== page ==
On Thursday, May 13, the American Booksellers Association held an education session on how to start a new co-op bookstore or transition an existing bookstore to a co-op.
- Liza Minno Bloom of Asbury Book Cooperative in Asbury Park, New Jersey (moderator)
- Matt Feinstein, Co-op Clinic Program Manager of U.S. Federation of Worker Cooperatives in Grafton, Massachusetts
- Lisa Swayze of Buffalo Street Books in Ithaca, New York
- Libertie Valance of Firestorm Books and Coffee in Asheville, North Carolina
Here are the top takeaways from the session:
- There are many different motivations for starting a cooperative bookstore. Most include an emphasis on democracy, sharing wealth, and sharing a specific value-based vision and culture.
- Co-op bookstore models still come with the responsibilities of running a small business. It’s important to connect with your community, gain access to capital, manage your assets, and more.
- Before starting or transitioning to a co-op, plan as many systems and structures as you can. Decide how ownership will work within your model, and find long term financial support to sustain your store.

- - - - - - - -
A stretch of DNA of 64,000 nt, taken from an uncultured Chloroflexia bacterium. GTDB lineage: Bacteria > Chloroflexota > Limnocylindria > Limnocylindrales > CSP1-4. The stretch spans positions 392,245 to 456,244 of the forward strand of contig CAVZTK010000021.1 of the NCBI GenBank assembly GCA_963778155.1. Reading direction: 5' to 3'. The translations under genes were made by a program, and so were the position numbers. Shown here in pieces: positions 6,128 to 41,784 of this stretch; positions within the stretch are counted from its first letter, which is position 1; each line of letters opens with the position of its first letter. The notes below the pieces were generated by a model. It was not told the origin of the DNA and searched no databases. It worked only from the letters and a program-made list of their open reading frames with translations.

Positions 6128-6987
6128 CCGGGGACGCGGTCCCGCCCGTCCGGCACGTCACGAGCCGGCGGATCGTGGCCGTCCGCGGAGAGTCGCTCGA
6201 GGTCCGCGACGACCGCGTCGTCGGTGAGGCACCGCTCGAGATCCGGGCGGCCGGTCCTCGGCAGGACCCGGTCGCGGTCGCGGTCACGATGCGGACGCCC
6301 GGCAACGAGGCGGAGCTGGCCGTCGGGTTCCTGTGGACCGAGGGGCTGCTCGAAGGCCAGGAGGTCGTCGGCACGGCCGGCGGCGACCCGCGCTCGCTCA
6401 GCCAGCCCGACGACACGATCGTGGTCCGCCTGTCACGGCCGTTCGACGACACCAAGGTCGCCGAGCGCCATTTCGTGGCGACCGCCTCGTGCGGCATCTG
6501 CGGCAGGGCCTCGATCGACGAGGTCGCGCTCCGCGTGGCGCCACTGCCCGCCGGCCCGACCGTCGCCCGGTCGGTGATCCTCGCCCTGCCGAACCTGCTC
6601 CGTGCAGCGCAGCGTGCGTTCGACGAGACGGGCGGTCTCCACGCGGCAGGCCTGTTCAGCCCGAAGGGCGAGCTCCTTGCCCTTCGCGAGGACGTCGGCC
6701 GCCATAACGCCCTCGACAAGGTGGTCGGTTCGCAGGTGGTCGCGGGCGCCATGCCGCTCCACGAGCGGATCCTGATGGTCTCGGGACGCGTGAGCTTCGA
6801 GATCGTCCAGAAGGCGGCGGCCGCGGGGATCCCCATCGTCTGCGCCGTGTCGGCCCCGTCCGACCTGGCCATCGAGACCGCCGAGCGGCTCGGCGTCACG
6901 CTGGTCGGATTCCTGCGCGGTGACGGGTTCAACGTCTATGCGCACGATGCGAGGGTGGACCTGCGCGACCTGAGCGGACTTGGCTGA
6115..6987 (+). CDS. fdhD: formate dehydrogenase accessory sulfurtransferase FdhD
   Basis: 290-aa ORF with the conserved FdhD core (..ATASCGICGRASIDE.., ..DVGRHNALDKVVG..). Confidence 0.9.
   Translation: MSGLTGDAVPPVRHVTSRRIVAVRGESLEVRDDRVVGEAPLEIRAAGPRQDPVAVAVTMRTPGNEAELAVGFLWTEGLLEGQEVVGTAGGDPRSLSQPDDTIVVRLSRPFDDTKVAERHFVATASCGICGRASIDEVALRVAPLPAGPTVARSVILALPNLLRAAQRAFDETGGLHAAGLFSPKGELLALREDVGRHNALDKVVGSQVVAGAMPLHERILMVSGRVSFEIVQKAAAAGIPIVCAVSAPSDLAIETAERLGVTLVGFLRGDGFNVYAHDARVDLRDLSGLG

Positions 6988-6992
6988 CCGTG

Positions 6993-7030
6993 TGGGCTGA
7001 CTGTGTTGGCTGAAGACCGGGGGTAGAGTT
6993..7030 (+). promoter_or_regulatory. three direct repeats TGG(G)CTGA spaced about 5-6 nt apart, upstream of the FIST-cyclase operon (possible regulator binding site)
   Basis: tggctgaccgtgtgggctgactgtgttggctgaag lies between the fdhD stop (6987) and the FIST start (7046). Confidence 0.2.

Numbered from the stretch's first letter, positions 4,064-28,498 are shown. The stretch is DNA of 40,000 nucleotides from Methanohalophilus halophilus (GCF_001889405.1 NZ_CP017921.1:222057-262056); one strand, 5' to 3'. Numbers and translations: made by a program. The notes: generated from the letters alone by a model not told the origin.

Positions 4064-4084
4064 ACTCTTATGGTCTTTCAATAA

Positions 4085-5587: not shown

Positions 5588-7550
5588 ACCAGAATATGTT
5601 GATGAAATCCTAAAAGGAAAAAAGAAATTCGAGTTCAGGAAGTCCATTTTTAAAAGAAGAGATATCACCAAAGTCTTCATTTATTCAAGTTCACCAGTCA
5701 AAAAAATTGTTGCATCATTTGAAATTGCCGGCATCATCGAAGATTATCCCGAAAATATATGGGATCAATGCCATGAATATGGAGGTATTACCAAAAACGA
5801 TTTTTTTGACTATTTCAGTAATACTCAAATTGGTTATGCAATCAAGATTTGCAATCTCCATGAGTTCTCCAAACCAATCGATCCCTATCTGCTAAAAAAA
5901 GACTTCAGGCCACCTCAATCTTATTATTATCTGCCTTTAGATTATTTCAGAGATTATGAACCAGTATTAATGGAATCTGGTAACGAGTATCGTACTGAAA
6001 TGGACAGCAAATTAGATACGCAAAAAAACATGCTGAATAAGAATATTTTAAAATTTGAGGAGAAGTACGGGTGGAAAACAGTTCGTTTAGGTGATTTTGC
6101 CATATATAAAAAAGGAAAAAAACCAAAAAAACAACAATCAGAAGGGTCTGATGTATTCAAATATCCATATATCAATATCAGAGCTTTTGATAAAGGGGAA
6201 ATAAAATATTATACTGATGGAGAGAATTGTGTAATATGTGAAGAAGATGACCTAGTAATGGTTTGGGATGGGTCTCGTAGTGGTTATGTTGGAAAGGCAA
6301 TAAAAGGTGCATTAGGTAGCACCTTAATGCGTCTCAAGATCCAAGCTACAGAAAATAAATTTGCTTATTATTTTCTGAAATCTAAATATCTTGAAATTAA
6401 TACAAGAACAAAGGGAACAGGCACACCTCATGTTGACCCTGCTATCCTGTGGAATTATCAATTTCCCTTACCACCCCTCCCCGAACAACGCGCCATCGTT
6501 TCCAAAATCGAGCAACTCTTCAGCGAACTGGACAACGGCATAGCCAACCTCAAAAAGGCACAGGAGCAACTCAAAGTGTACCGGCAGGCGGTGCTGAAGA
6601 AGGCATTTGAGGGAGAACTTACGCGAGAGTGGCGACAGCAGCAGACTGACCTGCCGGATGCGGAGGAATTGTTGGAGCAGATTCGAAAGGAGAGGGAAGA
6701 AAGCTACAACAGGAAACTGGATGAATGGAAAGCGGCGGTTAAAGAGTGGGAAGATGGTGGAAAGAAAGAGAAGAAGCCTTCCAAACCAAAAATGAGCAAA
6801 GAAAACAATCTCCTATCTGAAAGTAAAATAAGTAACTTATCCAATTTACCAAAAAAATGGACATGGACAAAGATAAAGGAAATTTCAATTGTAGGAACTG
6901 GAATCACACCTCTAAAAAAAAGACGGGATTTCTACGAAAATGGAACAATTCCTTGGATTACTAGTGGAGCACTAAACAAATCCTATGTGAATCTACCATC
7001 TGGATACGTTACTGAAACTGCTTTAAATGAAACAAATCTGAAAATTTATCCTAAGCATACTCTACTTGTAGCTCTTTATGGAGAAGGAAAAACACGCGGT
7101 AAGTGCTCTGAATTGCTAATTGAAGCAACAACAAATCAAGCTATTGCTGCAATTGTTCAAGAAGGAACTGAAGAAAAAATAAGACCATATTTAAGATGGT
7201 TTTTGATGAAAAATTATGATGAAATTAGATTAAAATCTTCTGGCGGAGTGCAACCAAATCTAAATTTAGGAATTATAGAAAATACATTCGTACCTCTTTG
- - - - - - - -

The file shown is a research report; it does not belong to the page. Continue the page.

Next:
- If you are considering a community-owned co-op, consider alternative co-op membership/ownership options. This can broaden your reach within your community.
- Streamline the decision-making process. Cooperative businesses require board approval for certain decisions, which can be helpful in navigating big decisions, but can also slow down certain processes. Try to empower your management to make reasonable future-based decisions as much as possible.
- Early on, be specific about what your store’s values are. Take a stand and communicate your core beliefs clearly and often with customers, as this sets you apart from other businesses within your community.
- Educate your customers and members on what you do and how they can be involved. Small businesses in general thrive most when deeply embedded within a community so it's important to make this information as accessible as possible
- Connect with other co-ops, support organizations, and federations and associations to get as much information and assistance as you need. Check out these resources: BecomingEmployeeOwned.org; institute.coop; conversion guide; democratic management
- Seek legal advice to be sure you are complying with state requirements. Find legal resources here.
- Continue to create a positive, healthy workplace for staff and members by making space for hard conversations. While cooperative models state their values and beliefs on paper, it’s important to ensure that these values are woven into day-to-day operations as well.